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One in five motorists is aged over 65

19 per cent of motorists in the UK are aged over 65.

The number of drivers over the age of 65 reached 7,191,192 in November 2013, the Institute of Advanced Motorists has revealed. The age bracket now accounts for 19 per cent of all motorists in the UK with a full driving licence.

The figures taken from driving licence data published by the DVLA in December 2013 also revealed there are 4,068,498 drivers aged over 70 and 1,101,779 drivers aged over 80.

Five per cent of motorists – a total of 367,711 – aged over 65 have penalty points on their licence. The same per cent of over-70s also have points to their name equating to a total of 195,773 drivers.

The data also revealed there are 195 drivers aged over 100 years old.

“In twenty years time, one in ten people will be over 80 years old,” Institute of Advanced Motorists chief executive Simon Best explained. “Responding to an older population is a significant policy issue for government, health and transport agencies – a greater number of people will require help with their mobility and acting now can ensure the right support networks are in place numbers increase.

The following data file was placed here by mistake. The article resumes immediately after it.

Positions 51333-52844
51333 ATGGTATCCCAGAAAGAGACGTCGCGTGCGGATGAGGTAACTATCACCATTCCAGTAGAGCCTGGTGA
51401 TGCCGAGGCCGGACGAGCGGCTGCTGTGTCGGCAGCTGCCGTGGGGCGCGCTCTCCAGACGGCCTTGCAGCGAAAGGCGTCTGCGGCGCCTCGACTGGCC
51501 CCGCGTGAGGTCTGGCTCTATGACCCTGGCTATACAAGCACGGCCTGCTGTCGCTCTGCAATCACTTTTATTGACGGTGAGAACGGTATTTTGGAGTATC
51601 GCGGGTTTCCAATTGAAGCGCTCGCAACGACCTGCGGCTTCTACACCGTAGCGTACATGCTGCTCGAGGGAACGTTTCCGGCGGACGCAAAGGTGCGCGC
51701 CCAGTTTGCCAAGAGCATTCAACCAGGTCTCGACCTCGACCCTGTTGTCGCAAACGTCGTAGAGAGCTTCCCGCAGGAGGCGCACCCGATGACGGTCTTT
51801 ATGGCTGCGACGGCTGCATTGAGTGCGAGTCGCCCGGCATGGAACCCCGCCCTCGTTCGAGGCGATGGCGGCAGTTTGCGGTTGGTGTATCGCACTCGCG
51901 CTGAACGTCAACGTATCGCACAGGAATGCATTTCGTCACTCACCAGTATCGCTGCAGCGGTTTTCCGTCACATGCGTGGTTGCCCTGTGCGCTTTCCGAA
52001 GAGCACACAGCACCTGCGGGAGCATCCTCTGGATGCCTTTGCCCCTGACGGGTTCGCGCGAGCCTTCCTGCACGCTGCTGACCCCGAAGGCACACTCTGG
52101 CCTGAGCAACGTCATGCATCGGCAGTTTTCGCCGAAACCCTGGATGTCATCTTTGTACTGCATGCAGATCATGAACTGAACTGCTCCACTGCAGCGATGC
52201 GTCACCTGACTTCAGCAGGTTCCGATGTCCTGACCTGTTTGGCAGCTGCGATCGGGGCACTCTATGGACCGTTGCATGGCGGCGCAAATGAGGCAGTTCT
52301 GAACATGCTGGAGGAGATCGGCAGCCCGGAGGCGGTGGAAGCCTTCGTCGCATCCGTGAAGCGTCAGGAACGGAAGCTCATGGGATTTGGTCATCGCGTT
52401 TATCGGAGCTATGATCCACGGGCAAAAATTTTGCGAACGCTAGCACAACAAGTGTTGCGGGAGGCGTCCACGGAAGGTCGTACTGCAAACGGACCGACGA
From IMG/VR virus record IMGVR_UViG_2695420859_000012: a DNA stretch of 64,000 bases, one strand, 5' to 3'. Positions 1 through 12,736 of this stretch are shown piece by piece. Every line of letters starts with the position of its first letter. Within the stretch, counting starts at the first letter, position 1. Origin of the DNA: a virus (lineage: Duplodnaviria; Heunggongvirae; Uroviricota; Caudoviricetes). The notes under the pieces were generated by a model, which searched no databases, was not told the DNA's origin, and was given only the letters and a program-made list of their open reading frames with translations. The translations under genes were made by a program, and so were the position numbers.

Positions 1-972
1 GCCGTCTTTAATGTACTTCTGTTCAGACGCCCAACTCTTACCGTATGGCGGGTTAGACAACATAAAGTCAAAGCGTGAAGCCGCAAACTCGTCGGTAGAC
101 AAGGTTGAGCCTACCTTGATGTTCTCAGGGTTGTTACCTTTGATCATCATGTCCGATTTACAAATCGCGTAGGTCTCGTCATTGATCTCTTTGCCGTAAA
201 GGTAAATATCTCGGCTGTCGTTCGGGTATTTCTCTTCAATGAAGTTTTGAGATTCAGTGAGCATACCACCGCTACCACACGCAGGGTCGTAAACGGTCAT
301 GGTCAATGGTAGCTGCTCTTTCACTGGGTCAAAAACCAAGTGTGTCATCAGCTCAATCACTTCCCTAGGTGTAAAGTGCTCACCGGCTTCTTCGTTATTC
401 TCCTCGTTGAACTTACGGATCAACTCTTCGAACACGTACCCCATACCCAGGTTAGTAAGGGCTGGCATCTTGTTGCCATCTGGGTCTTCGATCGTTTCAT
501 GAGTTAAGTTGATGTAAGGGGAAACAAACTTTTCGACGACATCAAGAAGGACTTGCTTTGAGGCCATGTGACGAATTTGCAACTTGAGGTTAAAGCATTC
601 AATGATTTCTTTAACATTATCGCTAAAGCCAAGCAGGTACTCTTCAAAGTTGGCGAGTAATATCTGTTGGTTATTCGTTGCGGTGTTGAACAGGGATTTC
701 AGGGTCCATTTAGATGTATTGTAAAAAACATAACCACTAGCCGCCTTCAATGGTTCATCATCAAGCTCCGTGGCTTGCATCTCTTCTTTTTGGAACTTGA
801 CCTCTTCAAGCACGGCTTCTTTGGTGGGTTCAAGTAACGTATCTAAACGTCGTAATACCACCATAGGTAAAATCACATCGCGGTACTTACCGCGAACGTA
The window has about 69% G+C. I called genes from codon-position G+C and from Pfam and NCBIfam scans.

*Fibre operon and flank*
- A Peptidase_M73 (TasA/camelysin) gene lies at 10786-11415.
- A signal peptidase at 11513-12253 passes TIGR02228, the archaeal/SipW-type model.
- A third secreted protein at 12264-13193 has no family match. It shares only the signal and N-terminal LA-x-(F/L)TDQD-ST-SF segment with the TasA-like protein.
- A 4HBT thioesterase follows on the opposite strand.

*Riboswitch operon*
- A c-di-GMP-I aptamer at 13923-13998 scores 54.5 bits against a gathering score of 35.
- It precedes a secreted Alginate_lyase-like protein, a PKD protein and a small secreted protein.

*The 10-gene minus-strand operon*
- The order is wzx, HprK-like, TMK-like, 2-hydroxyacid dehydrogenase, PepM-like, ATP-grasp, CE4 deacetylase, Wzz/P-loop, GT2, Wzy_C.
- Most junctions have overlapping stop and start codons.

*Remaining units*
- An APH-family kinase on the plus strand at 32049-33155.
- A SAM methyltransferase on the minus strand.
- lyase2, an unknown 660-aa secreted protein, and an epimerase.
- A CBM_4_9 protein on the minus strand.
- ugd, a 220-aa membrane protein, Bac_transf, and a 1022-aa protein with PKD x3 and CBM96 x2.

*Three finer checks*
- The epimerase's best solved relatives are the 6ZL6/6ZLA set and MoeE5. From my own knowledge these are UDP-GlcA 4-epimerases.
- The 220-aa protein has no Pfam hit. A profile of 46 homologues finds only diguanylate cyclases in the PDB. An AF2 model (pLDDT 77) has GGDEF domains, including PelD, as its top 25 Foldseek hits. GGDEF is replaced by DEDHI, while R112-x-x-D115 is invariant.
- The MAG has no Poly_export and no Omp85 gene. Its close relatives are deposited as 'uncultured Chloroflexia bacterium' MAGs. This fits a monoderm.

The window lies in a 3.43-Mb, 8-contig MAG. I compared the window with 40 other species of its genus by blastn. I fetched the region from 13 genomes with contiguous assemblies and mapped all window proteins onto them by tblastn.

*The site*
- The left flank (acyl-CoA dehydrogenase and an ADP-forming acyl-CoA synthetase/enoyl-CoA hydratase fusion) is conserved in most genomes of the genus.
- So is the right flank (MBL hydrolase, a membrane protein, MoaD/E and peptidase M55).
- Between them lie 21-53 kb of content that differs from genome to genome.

“Easy access to driving assessments, better advice from the medical profession and car and road designs that mitigate the effects of ageing should all be top in 2014.  The overarching policy aim should be to keep people independent and driving safer for as long as possible.”

The number of UK residents aged over 65 is expected to double by 2050 to around 19 million, according to official statistics.

A survey by Auto Trader from 2013 found that 73 per cent of motorists were worried about the driving habits of elderly motorists, yet statistics show younger drivers to be more of a crash risk.


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